To help with the trip
To donate for the trip to San Francisco and back, visit www.machfuels.com.
The public is invited to a send-off today in Chattanooga.
› What: Send off for Kapellusch and Hopson
› Where: Tennessee Riverwalk near Navy Operational Support Center, 4051 Amnicola Highway
› When: 11 a.m. - 12 p.m. today
Joshua Kapellusch's 1972 Chevrolet Blazer, with its raw aluminum body, propane and natural gas tanks and rear-mounted solar panel, clearly isn't normal.
It turns heads. At every stop in downtown Chattanooga on Friday, the convertible drew comments and conversations from passers-by on the sidewalk.
Kapellusch, CEO and founder of Chattanooga-based alternative fuel company Mach Fuels, is happy to talk about the Blazer. In fact, he's setting out today on a five-day road trip to San Francisco to encourage conversation about it, and the fact it runs on five different types of energy.
He is also making the trip in memory and in honor of the four Marines and one sailor killed on July 16, 2015, when a gunman opened fire on a pair of military sites here. With no roof on the Blazer, Kapellusch and his friend Daniel Hopson (a former U.S. Marine) will leave around noon today from the outpost on Amnicola Highway and drive five days on five fuels in memory of Chattanooga's Fallen Five.
In the course of the cross-country trip, Kapellusch hopes to stoke conversations about propane, natural gas and E85 (a high-ethanol flex fuel) as automobile fuel sources. The Blazer runs on all those (and gasoline) while using energy from its on-board solar panel to power electronics.
Kapellusch is himself an Air Force veteran, having served from 2005 to 2009 and specializing in munitions. The attack in Chattanooga last year had a strong impact on him.
"As a veteran, and even as a citizen, you never expect an attack on your hometown, right?" he said Friday. "I fought for my country overseas so I wouldn't have to do that here."
Creating even more of a personal impact, Kapellusch and the shooter graduated from UTC the same day and sat only a few rows from one another during the graduation ceremony.
Kapellusch sees a clear connection between what he's about to do and the deaths of servicemen from all walks of life, both here and abroad.
Looking around the Chattanooga National Cemetary on Friday, Kapellusch said he hopes for a future when the United States is no longer dependent on foreign oil for energy. And he hopes to raise awareness about alternative fuel options.
Sitting at a stop sign on East 11th Street, Kapellusch flipped three switches on the dash.
"We're running on three fuels right now," he said.
He loves propane as a fuel. He said the Blazer runs as well on propane as it does on gasoline. And right now, in the off season for heating fuels, propane is just over $1 a gallon.
Kapellusch chose a 40-year-old convertible Chevrolet truck on purpose to show off alternative fuels. The Blazer of Glory looks like a gas guzzler. It was a Craigslist find, $850 and barely running and picked up in Paris, Tenn. Kapellusch calculates the cost of retrofitting the truck in "blood, sweat and tears" instead of dollars. It's also been a significant investment of time — about four years' worth.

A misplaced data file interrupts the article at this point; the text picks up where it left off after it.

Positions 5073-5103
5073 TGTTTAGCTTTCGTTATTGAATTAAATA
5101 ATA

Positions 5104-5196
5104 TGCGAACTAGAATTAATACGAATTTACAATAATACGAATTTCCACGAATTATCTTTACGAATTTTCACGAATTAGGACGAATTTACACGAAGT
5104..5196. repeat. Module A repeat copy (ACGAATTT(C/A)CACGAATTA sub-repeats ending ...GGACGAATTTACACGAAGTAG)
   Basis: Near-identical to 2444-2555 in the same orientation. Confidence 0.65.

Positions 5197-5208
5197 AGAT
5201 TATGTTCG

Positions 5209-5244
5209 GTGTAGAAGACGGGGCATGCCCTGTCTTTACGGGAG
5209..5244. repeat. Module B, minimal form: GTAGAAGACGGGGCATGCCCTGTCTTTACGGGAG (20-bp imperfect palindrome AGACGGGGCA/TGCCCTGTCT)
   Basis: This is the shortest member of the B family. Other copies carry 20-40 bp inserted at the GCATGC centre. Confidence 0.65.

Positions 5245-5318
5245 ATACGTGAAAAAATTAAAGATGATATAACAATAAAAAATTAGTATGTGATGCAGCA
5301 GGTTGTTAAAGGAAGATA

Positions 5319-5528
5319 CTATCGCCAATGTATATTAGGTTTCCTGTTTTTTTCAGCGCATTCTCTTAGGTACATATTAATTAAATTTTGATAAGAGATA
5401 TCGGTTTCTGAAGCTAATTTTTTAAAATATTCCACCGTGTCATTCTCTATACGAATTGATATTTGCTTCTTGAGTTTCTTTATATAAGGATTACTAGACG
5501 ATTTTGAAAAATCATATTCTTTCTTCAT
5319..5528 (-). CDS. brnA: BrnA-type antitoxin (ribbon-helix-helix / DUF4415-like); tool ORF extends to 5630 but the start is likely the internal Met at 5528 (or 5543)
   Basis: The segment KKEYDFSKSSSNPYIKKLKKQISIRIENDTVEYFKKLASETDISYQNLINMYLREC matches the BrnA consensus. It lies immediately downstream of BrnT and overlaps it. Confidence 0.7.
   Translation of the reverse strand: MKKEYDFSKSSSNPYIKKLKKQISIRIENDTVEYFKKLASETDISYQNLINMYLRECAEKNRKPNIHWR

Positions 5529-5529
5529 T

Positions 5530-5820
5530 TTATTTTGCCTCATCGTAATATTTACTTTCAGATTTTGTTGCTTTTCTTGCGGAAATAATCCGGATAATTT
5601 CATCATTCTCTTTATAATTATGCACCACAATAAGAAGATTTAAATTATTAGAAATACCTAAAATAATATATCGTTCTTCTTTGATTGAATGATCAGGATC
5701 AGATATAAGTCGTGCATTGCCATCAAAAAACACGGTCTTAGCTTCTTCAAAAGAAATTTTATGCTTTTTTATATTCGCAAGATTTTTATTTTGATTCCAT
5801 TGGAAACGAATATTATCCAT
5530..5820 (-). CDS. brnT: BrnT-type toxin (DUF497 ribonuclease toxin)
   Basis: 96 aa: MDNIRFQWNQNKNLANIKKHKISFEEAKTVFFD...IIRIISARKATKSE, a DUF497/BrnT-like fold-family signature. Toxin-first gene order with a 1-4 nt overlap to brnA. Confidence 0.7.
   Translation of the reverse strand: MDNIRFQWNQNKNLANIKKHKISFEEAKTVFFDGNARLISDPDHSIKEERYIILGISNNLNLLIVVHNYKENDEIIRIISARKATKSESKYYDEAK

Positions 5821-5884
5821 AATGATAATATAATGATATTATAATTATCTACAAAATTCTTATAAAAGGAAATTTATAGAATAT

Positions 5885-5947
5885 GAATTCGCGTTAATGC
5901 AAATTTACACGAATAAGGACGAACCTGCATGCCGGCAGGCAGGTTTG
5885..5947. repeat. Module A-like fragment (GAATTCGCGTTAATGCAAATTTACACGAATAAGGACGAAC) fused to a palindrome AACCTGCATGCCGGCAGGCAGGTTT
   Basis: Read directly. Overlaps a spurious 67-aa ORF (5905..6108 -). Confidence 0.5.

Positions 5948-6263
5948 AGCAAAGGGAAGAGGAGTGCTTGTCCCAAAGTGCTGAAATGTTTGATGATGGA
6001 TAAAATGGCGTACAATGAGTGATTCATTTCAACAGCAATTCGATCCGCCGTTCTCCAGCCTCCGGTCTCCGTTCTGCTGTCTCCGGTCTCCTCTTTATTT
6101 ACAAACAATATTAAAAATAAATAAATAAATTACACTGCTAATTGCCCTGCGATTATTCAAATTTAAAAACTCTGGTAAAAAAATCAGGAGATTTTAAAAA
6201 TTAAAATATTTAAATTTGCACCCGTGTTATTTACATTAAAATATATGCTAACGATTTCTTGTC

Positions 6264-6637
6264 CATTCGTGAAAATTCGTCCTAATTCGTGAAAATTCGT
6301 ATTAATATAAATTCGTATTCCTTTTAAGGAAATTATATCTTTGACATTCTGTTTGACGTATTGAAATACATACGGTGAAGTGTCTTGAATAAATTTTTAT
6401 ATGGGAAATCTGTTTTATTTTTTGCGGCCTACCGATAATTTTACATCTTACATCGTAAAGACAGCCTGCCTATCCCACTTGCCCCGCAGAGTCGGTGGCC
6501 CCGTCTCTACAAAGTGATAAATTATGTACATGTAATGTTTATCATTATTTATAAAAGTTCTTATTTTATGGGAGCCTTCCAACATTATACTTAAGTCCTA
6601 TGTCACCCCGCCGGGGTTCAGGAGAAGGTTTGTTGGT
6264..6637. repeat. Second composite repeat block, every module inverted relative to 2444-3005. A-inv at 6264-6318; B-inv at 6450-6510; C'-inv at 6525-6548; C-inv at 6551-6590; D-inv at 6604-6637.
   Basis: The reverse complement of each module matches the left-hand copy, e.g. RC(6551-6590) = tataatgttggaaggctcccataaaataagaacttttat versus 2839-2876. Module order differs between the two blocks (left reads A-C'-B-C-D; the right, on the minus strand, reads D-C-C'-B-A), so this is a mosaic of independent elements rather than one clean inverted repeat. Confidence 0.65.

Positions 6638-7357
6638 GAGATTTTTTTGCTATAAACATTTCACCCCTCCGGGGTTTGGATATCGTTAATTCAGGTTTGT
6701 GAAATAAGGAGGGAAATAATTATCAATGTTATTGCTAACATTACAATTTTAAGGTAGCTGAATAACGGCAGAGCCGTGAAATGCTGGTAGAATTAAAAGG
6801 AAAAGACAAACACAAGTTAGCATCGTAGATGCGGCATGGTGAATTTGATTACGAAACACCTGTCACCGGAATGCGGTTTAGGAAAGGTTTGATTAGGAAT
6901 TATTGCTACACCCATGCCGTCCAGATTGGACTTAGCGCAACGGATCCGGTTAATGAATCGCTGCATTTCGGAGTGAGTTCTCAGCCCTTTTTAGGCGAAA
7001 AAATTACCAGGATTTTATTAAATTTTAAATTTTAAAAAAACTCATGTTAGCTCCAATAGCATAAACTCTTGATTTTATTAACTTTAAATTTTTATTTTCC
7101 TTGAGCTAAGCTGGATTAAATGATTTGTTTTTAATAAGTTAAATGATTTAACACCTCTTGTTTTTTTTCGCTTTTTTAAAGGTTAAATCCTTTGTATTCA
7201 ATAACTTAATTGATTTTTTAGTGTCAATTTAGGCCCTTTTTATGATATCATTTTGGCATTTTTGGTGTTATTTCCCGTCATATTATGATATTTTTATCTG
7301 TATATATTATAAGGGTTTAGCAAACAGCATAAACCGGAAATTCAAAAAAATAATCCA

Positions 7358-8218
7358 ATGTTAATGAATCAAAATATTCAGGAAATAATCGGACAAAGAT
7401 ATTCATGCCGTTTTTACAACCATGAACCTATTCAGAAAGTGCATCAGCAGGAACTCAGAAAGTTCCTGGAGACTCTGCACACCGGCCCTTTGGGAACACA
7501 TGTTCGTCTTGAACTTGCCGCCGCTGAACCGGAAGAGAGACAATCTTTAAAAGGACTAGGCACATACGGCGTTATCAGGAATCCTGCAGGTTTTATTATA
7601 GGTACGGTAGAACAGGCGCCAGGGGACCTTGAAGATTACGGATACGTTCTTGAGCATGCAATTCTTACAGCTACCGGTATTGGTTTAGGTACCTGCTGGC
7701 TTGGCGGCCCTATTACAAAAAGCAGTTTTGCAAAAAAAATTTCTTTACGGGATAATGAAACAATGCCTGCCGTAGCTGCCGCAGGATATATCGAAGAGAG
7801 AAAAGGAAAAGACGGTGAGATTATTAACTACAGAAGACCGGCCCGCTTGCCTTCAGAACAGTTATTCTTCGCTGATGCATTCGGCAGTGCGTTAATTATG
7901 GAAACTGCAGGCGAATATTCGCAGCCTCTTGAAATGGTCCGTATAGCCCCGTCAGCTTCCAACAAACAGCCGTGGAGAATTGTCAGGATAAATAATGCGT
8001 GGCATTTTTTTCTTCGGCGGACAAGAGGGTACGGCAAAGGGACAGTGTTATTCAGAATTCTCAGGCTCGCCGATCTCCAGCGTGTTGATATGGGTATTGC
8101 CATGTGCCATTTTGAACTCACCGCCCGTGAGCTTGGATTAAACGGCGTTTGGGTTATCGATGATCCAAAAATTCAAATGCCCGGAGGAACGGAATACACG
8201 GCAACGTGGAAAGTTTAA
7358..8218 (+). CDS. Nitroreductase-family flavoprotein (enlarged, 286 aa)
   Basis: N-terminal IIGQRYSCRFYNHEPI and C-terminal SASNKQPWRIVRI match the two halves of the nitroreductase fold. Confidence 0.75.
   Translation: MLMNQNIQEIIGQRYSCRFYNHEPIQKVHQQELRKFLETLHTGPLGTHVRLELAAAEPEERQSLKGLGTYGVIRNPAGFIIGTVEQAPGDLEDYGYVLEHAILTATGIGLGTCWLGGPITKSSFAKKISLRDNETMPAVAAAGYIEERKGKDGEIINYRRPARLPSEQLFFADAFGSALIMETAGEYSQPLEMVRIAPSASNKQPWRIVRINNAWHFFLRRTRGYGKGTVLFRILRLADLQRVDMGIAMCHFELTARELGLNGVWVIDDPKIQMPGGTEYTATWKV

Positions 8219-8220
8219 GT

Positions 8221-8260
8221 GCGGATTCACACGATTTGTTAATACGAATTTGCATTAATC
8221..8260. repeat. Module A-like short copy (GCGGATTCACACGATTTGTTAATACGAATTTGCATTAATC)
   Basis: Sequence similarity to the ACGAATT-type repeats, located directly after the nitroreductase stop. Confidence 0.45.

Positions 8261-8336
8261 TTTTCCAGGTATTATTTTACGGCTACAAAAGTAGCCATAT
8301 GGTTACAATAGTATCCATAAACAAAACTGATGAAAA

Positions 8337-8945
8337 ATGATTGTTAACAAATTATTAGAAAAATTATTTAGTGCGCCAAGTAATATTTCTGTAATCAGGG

But a lot of what you see now when you look at the Blazer are freebies, donated for the truck by local businesses in and around Chattanooga. Friday, Kapellusch rattled off names of people and businesses who gave this or that as he points out parts.
Tennessee Solar Solutions, a solar energy firm based here, donated the solar panel for the truck.
Ginny Kincer, chief operations officer at Tennessee Solar Solutions, said Friday the company is proud to get behind the five-fuel Blazer and support the trip to the West Coast.
Solar energy has come a long way in terms of technology and price, she said, but it still faces an uphill battle in simple awareness and public perception.
"Every day, we try to educate people about the power of the sun," she said. "It's not just kind of fairy dust and unicorns. It's real stuff powering real vehicles."polls here 3652
Kincer said the price of solar infrastructure has come down around 80 percent from years ago.
And the Blazer of Glory project "puts a real face and name" on solar usability, she said.
"We're glad that he's doing this," Kincer said. "We're very honored he's doing it in honor of the Fallen Five."
Kapellusch isn't totally sure about where he'll be eating and sleeping on the trip to San Francisco. The Blazer may even break down at some point — it is a 40-year-old truck.
"It's not going to be easy," he said Friday. "It's going to be brutal."
But Kappellusch is committed to making the drive and leaving today, July 16, "because I feel like it's right," he said.
He and Hopson are taking one of the American flags left at the Amnicola Highway outpost facility in the days after the shooting last year. They're taking it to the Golden Gate Bridge, where thousands of American sailors have embarked for war across the Pacific Ocean.A big, square truck with the convertible top and knobby tires, the Blazer's innards are at the same time a snapshot of automobile and energy innovation. It's the past and the future.
"I couldn't think of another vehicle that could do this better," Kapellusch said. "It's about that ultimate sense of freedom."
Contact staff writer Alex Green at firstname.lastname@example.org or 423-757-6480.